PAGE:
« ПредыдущаяПродолжить »
And join with the triumphant saints “How shall I appear!"
That sing Jehovah's praise. 1 WHEN rising from the bed of death, O'erwhelmed with guilt and fear,
6 My knowledge of that life is small;
The eye of faith is dim;
But it's enough that Christ knows all,
And I shall be with Him. 2 If yet while pardon may be found,
Rev. Richard Baxter. (1615–1689.) 1681. ab. and alt. And mercy may be sought,
Prepared to die.
C. M. My heart with inward horror shrinks, 1277
2 Tim. iv. 6, 7, 18. And trembles at the thought;
I DEATH may dissolve my body now, 3 When Thou, O Lord, shalt stand disclosed And bear my spirit home; In majesty severe,
Why do my minutes move so slow, And sit in judgment on my soul,
Nor my salvation come? O how shall I appear?
2 With heavenly weapons, I have fought
The battles of the Lord; 4 But Thou hast told the troubled soul, Who does her sins lament,
Finished my course, and kept the faith,
And wait the sure reward.
3 Jesus, the Lord, shall guard me safe
From every ill design; 5 Then see the sorrows of my heart,
And to His heavenly kingdom take Ere yet it be too late,
This feeble soul of mine. And add my Saviour's dying groans
4. God is my everlasting aid, To give those sorrows weight.
And hell shall rage in vain; 6 For never shall my soul despair
To Him be highest glory paid,
And endless praise. Amen!
Rev. Isaac Watts. (1674-1748.) 1709. ab.
I EARTH, with its dark and dreadful ills, 1276 “To live is Christ, and to die is Gain." C. M.
Recedes and fades away: i LORD, it belongs not to my care
Lift up your heads, ye heavenly hills, Whether I die or live;
Ye gates of death give way. To love and serve Thee is my share,
2 My soul is full of whispered song, And this Thy grace must give.
My blindness is my sight;
The shadows that I feared so long 2 If life be long, I will be glad
Are all alive with light.
3 The while my pulses faintly beat, If short, yet why should I be sad
My faith doth so abound,
I feel grow firm beneath my feet 3 Christ leads me through no darker rooms
The green, immortal ground.
4. That faith to me a courage gives, He that unto God's kingdom comes
Low as the grave to go:
I know that my Redeemer lives, , Come, Lord, when grace hath made me meet
That I shall live, I know,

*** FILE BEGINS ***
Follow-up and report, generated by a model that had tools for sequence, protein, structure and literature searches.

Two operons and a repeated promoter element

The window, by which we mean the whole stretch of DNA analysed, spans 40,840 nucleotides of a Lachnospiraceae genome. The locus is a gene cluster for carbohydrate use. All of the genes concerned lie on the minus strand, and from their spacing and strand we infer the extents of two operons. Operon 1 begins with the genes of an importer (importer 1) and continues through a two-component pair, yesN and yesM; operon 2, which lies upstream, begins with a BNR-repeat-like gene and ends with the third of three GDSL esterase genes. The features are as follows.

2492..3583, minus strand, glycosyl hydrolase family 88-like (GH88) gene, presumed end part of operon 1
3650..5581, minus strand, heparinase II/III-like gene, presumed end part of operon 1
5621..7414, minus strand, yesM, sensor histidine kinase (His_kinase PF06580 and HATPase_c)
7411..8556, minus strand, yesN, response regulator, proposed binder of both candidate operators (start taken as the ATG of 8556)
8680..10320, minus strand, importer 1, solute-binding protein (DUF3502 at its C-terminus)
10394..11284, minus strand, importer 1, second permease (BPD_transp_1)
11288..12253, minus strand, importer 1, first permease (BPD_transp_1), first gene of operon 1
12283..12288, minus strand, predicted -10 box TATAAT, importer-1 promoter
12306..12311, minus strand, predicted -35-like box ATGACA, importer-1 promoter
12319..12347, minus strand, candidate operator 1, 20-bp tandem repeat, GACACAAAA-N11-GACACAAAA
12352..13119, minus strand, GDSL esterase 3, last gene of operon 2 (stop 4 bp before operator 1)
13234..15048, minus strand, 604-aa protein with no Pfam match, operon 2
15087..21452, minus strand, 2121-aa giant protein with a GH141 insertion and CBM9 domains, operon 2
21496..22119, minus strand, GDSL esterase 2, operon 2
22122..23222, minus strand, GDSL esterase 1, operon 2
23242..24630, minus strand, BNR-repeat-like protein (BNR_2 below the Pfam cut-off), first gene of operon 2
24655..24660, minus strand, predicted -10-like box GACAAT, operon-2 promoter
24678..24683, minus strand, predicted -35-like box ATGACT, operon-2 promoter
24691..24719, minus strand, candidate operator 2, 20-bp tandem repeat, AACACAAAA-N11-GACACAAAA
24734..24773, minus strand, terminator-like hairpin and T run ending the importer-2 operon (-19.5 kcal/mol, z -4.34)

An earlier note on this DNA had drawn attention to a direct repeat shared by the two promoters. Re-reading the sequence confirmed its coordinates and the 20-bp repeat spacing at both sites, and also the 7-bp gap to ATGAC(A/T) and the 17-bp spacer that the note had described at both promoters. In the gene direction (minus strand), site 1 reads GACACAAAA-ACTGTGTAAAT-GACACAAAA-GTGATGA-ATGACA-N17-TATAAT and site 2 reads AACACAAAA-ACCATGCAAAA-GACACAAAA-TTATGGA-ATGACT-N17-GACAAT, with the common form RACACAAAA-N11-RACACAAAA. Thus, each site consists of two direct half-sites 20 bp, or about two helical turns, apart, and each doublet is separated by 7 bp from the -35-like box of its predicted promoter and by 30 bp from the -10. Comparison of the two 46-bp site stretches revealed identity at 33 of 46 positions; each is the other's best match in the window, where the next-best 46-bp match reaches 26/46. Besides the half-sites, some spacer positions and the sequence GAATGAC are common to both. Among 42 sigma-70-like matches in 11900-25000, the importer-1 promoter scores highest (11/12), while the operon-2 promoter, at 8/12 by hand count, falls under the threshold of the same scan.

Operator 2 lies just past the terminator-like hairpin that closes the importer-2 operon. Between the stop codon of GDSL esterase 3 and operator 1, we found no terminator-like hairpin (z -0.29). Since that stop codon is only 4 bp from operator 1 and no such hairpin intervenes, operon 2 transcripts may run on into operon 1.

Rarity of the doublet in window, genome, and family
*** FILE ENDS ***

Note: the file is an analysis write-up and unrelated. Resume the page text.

5 The palace walls I almost see For, if Thy work on earth be sweet,
Where dwells my Lord and King: What will Thy glory be?
O grave, where is thy victory, 5 Then I shall end my sad complaints,
O death, where is thy sting!
Miss Alice Cary. (1820-1871.) 1870.
Phil. i. 21.
3 O Lord, look down, O Lord, forgive, In Sickness.
O help me from on high; 2 Sweet to look inward, and attend
Since no man to himself must live,
Nor to himself can die.
4 And when, through feebleness or pain, 3 Sweet to look back, and see my name
My thoughts are far from Thee, In life's fair book set down;
Though I forget Thee, Saviour, then,
O yet forget not me.
5 In Him that bore our griefs and pains 4 Sweet on His faithfulness to rest,
Shall they that suffer boast,
Who with the Father ever reigns, Sweet on His covenant of grace
And with the Holy Ghost.
Rev. John Mason Neale. (1818-- 1866.) 1854. ab 5 Sweet, in the confidence of faith, 1281
Hymn by the Sick-bed of a Mother,
O Thou, who, in the olive shade, Sweet to lie passive in His hands,
When the dark hour came on,
Didst, with a breath of heavenly aid, 6 Sweet to rejoice in lively hope,
Strengthen Thy suffering Son;
2 O by the anguish of that night,
Send us down blest relief; Rev. Augustus Montague Toplady. (1740-1778.) 1776. ab.
Or to the chastened let Thy might
Hallow this whelming grief. 1280
3 And Thou, that, when the starry sky I O THOU, Who lov'st to send relief
Saw the dread strife begun,
Didst teach adoring faith to cry,
4 By Thy meek Spirit, Thou, of all 2 Thy will be done, I still would say,
That e'er have mourned the chief, Whate'er that will may be;
Blest Saviour, if the stroke must fall, And let this trial, day by day,
Hallow this whelming grief.
Mrs. Felicia Dorothea Hemans. (1794–1835.) 1834. alt
9 If, when de-ceived and wound.ed here, We could not
4 Gently the passing spirit fied,
Sustained by grace divine: 2 But Thou wilt heal that broken heart,